The Education group publishes print and digital products for use in schools, with strong positions in Australia, Africa, India and in international schools around the world. Our reputation for developing international best practice in pedagogy and learning skills means we also have an advisory practice helping governments and schools systems with educational reform.
Following several years of exceptional growth the Education group saw a year of consolidation. While publishing enjoyed another year of good growth, our Education Reform business came to the successful conclusion of two substantial contracts.
We continued to build our market share in key countries, brought our businesses together onto a single, powerful digital platform, and piloted innovative ideas to improve classroom teaching and learning in collaboration with colleagues from other parts of Cambridge.
Our sales growth came despite foreign exchange headwinds, as sterling strengthened during the year against many currencies, and was underpinned by strong performances from all our publishing businesses. We saw growth of nearly 20 per cent in India for the third year in a row, driven by the success of our most extensive and ambitious publishing programme.
Our Australian and South African teams met their targets in a year of relatively little curriculum change – a good indication of the strength of their offering to schools. Key drivers of our performance in Australia were our blending of digital and print content and the continued success of Cambridge HOTmaths, our interactive online maths learning system, originally developed for this market and now being sold around the world.
Among our newer markets, we completed our second sales season in Nigeria, with over 1.5 million books sold. Despite ongoing market challenges, we believe we are building a strong and sustainable business for the long term. We also made important inroads in Pakistan, having strengthened our presence in the country with the opening of an office in 2016–17. Sales grew extremely strongly and customers welcomed our ambition for this important Cambridge international market.
The UK market was difficult for us, as for the industry as a whole – despite success with our new A-level maths products. In the immediate term UK schools face a substantial textbook funding challenge. But the pressures in this market were more than offset by the continuing strength of our international schools activity where we had another gratifying year, especially in China, South East Asia and the US.
This continuing success vindicates our strategic ambition, which is to be the leading publisher for international schools that follow a UK curriculum, drawing on the ‘Cambridge Advantage’ – our partnership with other parts of the University to develop international best practice in pedagogy and learning skills. Parents, schools and learners in many countries around the world are seeing the advantages of adopting international educational standards to develop the skills to prosper in an acutely competitive modern world. In this area English is increasingly popular as a medium of instruction, though the greatest need in helping schools fulfil their bilingual aspirations is in helping teachers with its particular demands on them.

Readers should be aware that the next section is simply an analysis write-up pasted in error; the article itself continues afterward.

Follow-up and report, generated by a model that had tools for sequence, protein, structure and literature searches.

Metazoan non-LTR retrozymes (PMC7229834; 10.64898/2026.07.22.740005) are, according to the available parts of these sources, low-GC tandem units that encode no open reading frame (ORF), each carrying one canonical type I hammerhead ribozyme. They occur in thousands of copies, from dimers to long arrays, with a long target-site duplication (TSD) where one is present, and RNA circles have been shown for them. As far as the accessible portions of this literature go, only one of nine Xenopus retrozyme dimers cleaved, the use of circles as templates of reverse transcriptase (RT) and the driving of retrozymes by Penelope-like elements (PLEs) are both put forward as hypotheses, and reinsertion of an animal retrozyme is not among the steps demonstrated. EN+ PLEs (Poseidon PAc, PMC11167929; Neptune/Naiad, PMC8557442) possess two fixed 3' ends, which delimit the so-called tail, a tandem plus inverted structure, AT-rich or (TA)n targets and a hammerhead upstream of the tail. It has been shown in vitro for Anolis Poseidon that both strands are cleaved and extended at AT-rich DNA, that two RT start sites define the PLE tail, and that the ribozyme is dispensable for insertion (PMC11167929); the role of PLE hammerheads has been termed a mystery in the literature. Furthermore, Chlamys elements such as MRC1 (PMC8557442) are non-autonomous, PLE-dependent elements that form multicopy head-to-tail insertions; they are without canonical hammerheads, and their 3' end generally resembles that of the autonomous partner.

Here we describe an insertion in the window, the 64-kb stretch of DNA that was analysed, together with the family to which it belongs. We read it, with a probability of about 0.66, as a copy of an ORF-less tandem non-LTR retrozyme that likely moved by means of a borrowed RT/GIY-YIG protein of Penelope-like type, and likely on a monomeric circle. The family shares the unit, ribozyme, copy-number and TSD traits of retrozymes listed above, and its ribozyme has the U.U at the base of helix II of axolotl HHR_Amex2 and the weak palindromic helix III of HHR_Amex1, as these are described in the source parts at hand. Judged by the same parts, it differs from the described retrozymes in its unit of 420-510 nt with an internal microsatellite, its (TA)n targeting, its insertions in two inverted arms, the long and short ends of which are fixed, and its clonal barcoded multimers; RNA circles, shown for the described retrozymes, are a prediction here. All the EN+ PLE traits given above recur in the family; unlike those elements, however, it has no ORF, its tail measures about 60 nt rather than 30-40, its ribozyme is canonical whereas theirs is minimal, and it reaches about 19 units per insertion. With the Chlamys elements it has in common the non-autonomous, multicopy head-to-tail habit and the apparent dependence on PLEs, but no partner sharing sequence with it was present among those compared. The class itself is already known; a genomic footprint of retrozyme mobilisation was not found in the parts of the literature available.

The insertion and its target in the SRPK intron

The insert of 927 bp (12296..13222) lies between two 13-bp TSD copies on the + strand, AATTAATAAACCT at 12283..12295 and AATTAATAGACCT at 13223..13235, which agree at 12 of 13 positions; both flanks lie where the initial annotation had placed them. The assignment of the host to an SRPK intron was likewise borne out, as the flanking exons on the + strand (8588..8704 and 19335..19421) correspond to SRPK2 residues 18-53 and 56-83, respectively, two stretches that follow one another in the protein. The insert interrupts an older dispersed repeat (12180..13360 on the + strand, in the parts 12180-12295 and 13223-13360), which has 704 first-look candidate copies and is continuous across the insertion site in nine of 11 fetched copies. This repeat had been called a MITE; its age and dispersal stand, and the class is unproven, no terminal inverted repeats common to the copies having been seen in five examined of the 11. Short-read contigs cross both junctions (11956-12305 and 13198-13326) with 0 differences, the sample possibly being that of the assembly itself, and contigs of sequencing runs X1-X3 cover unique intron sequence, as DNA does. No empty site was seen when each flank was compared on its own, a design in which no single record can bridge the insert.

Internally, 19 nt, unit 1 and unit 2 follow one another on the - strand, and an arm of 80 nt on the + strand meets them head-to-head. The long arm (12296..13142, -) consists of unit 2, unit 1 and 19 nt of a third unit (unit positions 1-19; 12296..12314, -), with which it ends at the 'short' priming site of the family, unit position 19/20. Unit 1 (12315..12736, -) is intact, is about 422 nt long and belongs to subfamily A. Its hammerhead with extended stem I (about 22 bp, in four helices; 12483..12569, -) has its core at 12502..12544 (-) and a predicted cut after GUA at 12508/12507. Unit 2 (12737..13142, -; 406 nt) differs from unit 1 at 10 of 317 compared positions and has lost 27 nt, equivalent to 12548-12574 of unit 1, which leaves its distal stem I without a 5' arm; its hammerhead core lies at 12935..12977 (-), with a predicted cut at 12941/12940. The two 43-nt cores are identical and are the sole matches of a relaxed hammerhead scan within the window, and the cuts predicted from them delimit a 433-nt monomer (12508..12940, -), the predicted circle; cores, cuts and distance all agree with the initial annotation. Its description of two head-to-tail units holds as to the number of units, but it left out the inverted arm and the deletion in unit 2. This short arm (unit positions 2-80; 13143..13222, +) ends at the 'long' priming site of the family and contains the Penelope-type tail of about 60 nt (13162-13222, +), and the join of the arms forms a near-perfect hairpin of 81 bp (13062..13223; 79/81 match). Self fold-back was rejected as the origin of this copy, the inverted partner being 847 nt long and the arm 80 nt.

At the heart of our continuing success has been the substantial progress over the past year in working with other Cambridge departments to create compelling products and services that meet our customers’ needs.”
Our partnerships across Cambridge link to our strategy of ‘Brighter Thinking, Better Learning’, which we launched during the year after an extensive programme of customer research. ‘Brighter Thinking’ involves gathering the best ideas in educational research and combining them with the very best in classroom practice. ‘Better Learning’ is what naturally flows from this approach, focusing not just on demonstrable academic results but broader skills in thinking and problem solving.
To achieve this we are responding to the developing needs of students around the world with our product development, communication and support. We pay particularly close attention to the insights of teachers, who can make the most profound difference to student performance.
Teacher Advisory Panels – forums for us to learn from teachers and for them to share their experiences – and other forms of customer feedback have become even more integrated into our way of working during the year. Through these we are committed to the deepest understanding of pedagogical issues in the markets where we are working, and particularly those of international schools around the world.
Our digital revenues and capabilities continue to grow and are similarly focused on empowering teachers in the classroom. Working with colleagues in Cambridge Assessment and a range of exciting digital partners we are piloting programmes for teachers to lead the practical personalisation of learning, using our data, technology and content to make practical judgements about ‘better next steps’ for all learners.
We are supporting all our strategic developments with a renewed focus on continuous professional development. We have long provided great support in the use of our teaching and learning materials, but we have now begun piloting new approaches to continuous professional development, launching successfully in Turkey and Indonesia. Over time we believe there is a great deal more we can do to develop a framework that helps teachers succeed in the delivery of complex international curricula.